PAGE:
Ford Model C
|Manufacturer||Ford Motor Company|
|Predecessor||Ford Model A|
|Successor||Ford Model F|
|Body style(s)||2-seat runabout|
rear-entry 4-seat tonneau
The Ford Model C was introduced in 1904 and was a version of the first Ford Model A with more modern look, slightly more powerful engine and 15 cm (6 inches) longer wheelbase. It was the entry-level car in the Ford model lineup, slotting below the upscale Model B. Production ended in 1905 with 800 cars made. The Model C was replaced by the derivative Model F in 1905.
Both A and C was produced at the same time, but the Model A could also be bought with a Model C engine, an option called Ford Model AC. The Model C engine is a flat-2 giving 8 hp (6 kW) at first and 10 hp (7 kW) by 1905. The Model C was sold for $850, with the option of making it a four-seater for an extra $100. The top cost extra, rubber for $30 and leather for $50.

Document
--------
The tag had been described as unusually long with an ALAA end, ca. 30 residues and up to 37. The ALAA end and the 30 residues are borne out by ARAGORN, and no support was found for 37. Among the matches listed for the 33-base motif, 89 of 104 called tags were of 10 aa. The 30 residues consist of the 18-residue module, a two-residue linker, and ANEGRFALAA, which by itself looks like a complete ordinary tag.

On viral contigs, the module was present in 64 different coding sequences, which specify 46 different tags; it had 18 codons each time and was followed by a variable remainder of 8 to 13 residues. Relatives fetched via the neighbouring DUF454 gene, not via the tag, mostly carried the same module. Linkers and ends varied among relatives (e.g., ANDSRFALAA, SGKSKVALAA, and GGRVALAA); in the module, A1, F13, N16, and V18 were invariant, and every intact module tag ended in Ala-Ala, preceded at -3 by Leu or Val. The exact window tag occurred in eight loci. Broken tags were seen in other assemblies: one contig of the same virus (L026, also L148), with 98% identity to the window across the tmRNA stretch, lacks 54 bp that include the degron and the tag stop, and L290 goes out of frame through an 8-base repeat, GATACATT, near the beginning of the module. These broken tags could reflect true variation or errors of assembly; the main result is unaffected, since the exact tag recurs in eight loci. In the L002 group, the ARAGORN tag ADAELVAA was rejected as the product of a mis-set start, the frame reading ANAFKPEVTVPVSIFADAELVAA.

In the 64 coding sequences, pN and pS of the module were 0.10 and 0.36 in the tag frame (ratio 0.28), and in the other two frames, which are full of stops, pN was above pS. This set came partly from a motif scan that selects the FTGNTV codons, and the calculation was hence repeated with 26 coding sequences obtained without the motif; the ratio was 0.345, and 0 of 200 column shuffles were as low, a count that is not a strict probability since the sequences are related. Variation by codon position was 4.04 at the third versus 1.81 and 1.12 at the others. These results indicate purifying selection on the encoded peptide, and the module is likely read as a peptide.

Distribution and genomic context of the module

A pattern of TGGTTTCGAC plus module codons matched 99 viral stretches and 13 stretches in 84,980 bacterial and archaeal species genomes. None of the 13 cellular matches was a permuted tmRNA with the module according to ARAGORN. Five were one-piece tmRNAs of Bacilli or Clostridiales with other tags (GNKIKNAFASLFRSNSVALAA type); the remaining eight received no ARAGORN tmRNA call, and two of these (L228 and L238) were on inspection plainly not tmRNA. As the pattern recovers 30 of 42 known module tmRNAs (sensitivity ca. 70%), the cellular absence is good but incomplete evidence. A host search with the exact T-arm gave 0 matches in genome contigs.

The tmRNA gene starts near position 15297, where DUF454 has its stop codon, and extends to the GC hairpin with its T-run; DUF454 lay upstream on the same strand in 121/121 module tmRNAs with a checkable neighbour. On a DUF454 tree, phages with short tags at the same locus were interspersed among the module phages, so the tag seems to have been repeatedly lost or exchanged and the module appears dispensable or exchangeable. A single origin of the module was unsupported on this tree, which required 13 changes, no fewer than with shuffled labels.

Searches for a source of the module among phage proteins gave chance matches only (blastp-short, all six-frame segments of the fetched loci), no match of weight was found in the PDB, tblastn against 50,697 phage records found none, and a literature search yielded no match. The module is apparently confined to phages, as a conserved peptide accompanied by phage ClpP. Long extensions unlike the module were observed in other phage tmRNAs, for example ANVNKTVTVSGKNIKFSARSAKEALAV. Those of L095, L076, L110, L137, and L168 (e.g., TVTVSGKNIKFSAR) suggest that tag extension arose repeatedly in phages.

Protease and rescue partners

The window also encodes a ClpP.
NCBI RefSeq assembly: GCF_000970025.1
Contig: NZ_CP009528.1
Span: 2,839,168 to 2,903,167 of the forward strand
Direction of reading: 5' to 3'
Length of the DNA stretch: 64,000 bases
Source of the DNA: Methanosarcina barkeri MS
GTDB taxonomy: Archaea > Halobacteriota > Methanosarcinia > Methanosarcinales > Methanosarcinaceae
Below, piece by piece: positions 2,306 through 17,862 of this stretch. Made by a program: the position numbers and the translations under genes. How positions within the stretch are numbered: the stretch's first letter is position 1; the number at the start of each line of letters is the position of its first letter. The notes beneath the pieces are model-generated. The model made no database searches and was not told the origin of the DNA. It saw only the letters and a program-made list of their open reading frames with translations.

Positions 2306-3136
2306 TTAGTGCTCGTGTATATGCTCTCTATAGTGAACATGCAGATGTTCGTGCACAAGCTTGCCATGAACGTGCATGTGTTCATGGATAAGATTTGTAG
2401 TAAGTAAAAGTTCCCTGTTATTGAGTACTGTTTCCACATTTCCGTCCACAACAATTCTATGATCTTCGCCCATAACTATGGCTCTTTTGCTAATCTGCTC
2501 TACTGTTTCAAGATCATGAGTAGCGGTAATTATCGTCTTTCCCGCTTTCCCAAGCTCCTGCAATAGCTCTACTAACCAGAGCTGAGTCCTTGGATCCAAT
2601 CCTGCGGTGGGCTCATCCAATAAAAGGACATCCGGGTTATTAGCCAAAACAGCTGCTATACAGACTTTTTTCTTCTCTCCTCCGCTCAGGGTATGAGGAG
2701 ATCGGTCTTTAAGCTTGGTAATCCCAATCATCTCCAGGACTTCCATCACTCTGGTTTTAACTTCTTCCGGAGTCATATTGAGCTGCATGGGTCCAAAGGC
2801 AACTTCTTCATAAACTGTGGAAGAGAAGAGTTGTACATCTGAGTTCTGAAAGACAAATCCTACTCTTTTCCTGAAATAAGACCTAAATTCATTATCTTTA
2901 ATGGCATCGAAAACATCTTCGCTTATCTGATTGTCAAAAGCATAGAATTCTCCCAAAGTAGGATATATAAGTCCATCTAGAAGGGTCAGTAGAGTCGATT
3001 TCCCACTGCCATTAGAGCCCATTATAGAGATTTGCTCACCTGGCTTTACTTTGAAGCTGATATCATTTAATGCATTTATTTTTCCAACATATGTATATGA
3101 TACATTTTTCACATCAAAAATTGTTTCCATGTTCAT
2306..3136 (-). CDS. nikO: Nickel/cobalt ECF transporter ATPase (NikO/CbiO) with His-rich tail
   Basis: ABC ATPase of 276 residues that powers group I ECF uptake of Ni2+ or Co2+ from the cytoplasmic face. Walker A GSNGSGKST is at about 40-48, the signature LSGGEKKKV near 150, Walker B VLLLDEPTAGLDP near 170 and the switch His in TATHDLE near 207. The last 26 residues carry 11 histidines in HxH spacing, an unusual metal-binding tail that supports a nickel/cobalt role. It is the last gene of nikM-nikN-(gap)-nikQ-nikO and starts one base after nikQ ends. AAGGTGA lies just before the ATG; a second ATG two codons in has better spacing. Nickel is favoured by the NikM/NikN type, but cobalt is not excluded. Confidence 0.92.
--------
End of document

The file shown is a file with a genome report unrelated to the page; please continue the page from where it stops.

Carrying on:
Although the Model C had a protruding front "box" like a modern car, unlike the flat-front Model A, this was purely ornamental — the engine remained under the seat.
The Model C was the first vehicle to be built at Ford Motor Company of Canada.
- David L. Lewis (2005). 100 Years of Ford. Publications International. p. 18. ISBN 0-7853-7988-6.
- "Early Ford". http://www.ritzsite.net/FORD_1/02_eford.htm. Retrieved on 2006.